Mary Kenny: a spanner in the workers?
How automation limits the career options of our grandchildren
Published 03/04/2016 | 02:30
'Isn't it interesting," said my elder granddaughter, Kitty, "that so many people in our family are journalists?" She named parents, grandparents, great-grandfathers, uncle, great-uncle. "Well," I said, "that often happens in families. You often see it with doctors, lawyers, plumbers, traders." But then I began thinking about the number of trades and professions which are predicted to disappear or diminish with the onward march of computers, robots and artificial intelligence.
Within the past few decades book-keepers, cashiers and telephone operators have all but gone. Computers have replaced airline reservation clerks and reduced the services of travel agents. Estate agents are said to be doomed as the computer software which searches and defines the property you're buying (or selling) gets ever more sophisticated. The whole world of sales is being computerised.
So, which jobs or professions will last into the future for our grandchildren? The folks who set up the algorithms are working out the predictions.
Anything that can be done by a machine will be done by a machine. You might think that only a teacher can teach, but there are ever more online teaching programmes available. University teaching has been highly computerised - one of the aspects of doing a part-time MA that I found discouraging: the machine seemed to replace the tradition of the human tutorial. Ask a seminar question and you were referred to a "download".
OK, education online will make it more accessible to more people: my son taught himself Italian with the help of an online language learning programme. But by the same token, private language tutors have noticed a decline of business because they've been replaced by an internet service.
The same is claimed about translators. Google now boasts that its translation services, as carried out by a computer, are getting to be as efficient as human interpreters. The great boast of the computer boffins, too, is that artificial intelligence "has no bias", since it has no emotions. Therefore it will be fairer.
There was a study done of Israeli judges which showed that their lordships tended to hand out more emollient sentences after lunch. A computer would never commit such inconsistencies. And yet, isn't there something endearing, and an element of lucky chance, perhaps in such foibles? The accused might cherish the hope that he'll be in the dock after a spot of Cabernet Sauvignon has been partaken. Lawyers we must always have, surely, but the predictions are that legal and financial services will be vulnerable to takeover by artificial intelligence. Goodbye to accountancy, it seems.
Some medical tasks, too, such as diagnostics, are better done by machines. There's a computer at the famous Memorial Sloan Kettering cancer hospital in New York which is apparently ace at diagnostics.
Anything mechanical is vulnerable to the eradication of human employment. The British are experimenting with driverless lorries, and two American states - California and Nevada - have passed legislation to enable driverless cars to get on the road, equipped with safety-guaranteed sensors.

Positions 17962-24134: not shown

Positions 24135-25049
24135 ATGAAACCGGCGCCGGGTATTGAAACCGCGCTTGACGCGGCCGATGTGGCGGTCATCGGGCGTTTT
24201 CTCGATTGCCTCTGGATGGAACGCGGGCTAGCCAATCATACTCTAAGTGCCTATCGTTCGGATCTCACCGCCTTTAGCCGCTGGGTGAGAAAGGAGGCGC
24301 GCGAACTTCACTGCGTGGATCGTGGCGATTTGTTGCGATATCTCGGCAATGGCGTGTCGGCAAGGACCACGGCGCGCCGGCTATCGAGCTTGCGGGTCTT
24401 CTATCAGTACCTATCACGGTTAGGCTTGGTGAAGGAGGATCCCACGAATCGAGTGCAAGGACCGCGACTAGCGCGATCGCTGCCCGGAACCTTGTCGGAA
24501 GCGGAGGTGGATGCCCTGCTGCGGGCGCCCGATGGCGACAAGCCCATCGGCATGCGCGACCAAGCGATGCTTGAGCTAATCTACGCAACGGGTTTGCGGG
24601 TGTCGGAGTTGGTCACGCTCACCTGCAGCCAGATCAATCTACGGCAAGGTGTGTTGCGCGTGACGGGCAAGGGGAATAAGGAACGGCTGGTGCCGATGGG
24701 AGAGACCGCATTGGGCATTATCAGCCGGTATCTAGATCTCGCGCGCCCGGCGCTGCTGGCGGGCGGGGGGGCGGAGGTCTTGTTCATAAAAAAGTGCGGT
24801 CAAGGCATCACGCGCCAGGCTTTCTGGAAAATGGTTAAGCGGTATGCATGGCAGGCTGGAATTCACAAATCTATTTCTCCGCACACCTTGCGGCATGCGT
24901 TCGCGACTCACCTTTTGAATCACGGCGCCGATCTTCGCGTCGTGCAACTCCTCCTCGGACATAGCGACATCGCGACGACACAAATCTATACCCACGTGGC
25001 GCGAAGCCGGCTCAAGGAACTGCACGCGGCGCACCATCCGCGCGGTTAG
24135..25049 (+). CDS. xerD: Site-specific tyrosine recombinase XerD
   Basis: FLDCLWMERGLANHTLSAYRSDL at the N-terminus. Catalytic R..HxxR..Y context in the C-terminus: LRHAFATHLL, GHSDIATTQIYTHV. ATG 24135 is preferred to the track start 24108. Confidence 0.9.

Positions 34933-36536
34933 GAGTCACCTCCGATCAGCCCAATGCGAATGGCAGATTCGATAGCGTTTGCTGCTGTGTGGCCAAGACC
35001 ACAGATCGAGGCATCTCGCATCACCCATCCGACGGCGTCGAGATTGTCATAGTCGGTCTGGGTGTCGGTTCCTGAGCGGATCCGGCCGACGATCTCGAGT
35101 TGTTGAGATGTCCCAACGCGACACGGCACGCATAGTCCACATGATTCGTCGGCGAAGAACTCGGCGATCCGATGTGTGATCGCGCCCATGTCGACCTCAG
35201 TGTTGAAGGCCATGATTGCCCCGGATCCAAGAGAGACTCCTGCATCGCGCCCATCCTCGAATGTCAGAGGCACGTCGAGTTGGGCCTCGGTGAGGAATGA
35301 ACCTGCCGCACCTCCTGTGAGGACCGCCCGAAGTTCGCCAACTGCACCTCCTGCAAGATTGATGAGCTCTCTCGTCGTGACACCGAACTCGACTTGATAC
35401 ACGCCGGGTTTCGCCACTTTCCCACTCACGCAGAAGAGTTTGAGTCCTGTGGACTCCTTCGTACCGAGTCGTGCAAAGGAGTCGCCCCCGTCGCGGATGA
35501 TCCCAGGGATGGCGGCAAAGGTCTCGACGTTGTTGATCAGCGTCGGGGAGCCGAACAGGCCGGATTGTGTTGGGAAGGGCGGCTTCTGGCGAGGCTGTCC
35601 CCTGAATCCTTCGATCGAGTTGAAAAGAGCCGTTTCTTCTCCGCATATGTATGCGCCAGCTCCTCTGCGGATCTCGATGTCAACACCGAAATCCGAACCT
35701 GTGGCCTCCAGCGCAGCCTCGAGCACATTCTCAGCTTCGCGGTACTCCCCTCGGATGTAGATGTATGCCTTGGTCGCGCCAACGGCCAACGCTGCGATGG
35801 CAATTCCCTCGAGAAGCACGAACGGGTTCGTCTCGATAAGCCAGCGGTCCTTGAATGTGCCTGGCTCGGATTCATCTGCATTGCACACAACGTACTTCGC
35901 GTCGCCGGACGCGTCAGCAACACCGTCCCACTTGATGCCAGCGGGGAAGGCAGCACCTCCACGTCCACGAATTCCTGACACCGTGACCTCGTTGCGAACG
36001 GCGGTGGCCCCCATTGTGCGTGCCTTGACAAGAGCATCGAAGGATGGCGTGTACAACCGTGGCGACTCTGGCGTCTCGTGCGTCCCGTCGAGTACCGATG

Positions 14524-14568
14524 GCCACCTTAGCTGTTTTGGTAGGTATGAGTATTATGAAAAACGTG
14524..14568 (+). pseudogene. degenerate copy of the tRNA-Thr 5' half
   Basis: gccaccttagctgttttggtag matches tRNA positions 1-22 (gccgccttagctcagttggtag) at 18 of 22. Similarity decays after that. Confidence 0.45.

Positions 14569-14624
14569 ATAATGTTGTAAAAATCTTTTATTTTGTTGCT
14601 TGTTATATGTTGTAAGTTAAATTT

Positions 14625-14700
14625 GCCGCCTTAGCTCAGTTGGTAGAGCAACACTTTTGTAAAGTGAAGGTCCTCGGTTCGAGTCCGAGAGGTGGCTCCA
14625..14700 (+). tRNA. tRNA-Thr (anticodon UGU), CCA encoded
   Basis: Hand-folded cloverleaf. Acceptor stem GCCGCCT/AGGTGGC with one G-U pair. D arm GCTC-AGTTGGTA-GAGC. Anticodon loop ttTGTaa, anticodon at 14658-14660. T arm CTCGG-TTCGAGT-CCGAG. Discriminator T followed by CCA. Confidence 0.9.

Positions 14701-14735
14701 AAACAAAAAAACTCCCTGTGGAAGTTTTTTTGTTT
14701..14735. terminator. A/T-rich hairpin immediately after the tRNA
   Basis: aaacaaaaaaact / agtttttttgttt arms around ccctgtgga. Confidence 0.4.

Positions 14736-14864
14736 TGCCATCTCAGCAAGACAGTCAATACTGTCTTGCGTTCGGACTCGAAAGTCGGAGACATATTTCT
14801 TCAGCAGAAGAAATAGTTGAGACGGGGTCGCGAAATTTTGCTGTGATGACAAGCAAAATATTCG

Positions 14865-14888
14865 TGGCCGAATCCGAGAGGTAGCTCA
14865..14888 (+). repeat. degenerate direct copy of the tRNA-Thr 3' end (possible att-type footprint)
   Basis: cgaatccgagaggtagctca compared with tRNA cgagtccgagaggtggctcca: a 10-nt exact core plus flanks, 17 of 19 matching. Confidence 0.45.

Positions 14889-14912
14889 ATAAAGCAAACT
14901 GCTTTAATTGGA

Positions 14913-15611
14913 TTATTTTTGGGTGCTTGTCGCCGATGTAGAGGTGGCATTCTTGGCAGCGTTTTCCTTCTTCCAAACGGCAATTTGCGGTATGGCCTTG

All agricultural technology will be robotised, as will many agricultural tasks: robots in Spain already do some vegetable-picking. It was always a back-breaking job.
Two Oxford academics, Frey and Osborne, wrote a paper on The Future of Employment (complete with incomprehensible algebraic formulae) claiming that "robots are capable of producing goods with higher quality and reliability than human labour". They reckon about half of all jobs are at risk of automation.
Yet even the boffins concede that not everything can be done by artificial intelligence. We're grateful to be informed that robots "cannot yet match the depth and breadth of human perception" - though they're working on it.
Anything that requires the human touch will still be in demand. You can't get your hair done over the internet. You can't eat machinery, the producers and preparers of real food will always be needed. Anything that requires "negotiation, persuasion and care" is likely to remain within the ambit of humans. So mental health therapists, social workers, dance choreographers, artists, actors and clergy seem assured of continuing employment opportunities. Administrators and supervisors in specialist areas will always be needed, and even when the engineering itself is taken over by robots, human engineers need to be in charge of the programmes. But predictions can never be exact, because there is always an unexpected factor: and there's often a reaction against the machine. They said that with the invention of the electronic book, print books would disappear: but print books fought back and became more attractive as objects.
Still, I thought I should warn seven-year-old Kitty that journalism mightn't be a steady bet as a future career. "Oh, I'm not going to be a journalist," she assured me. "I'm going to write stories for children, and draw the pictures myself." Excellent ambition. Story-telling to children will never be replaced by a robot.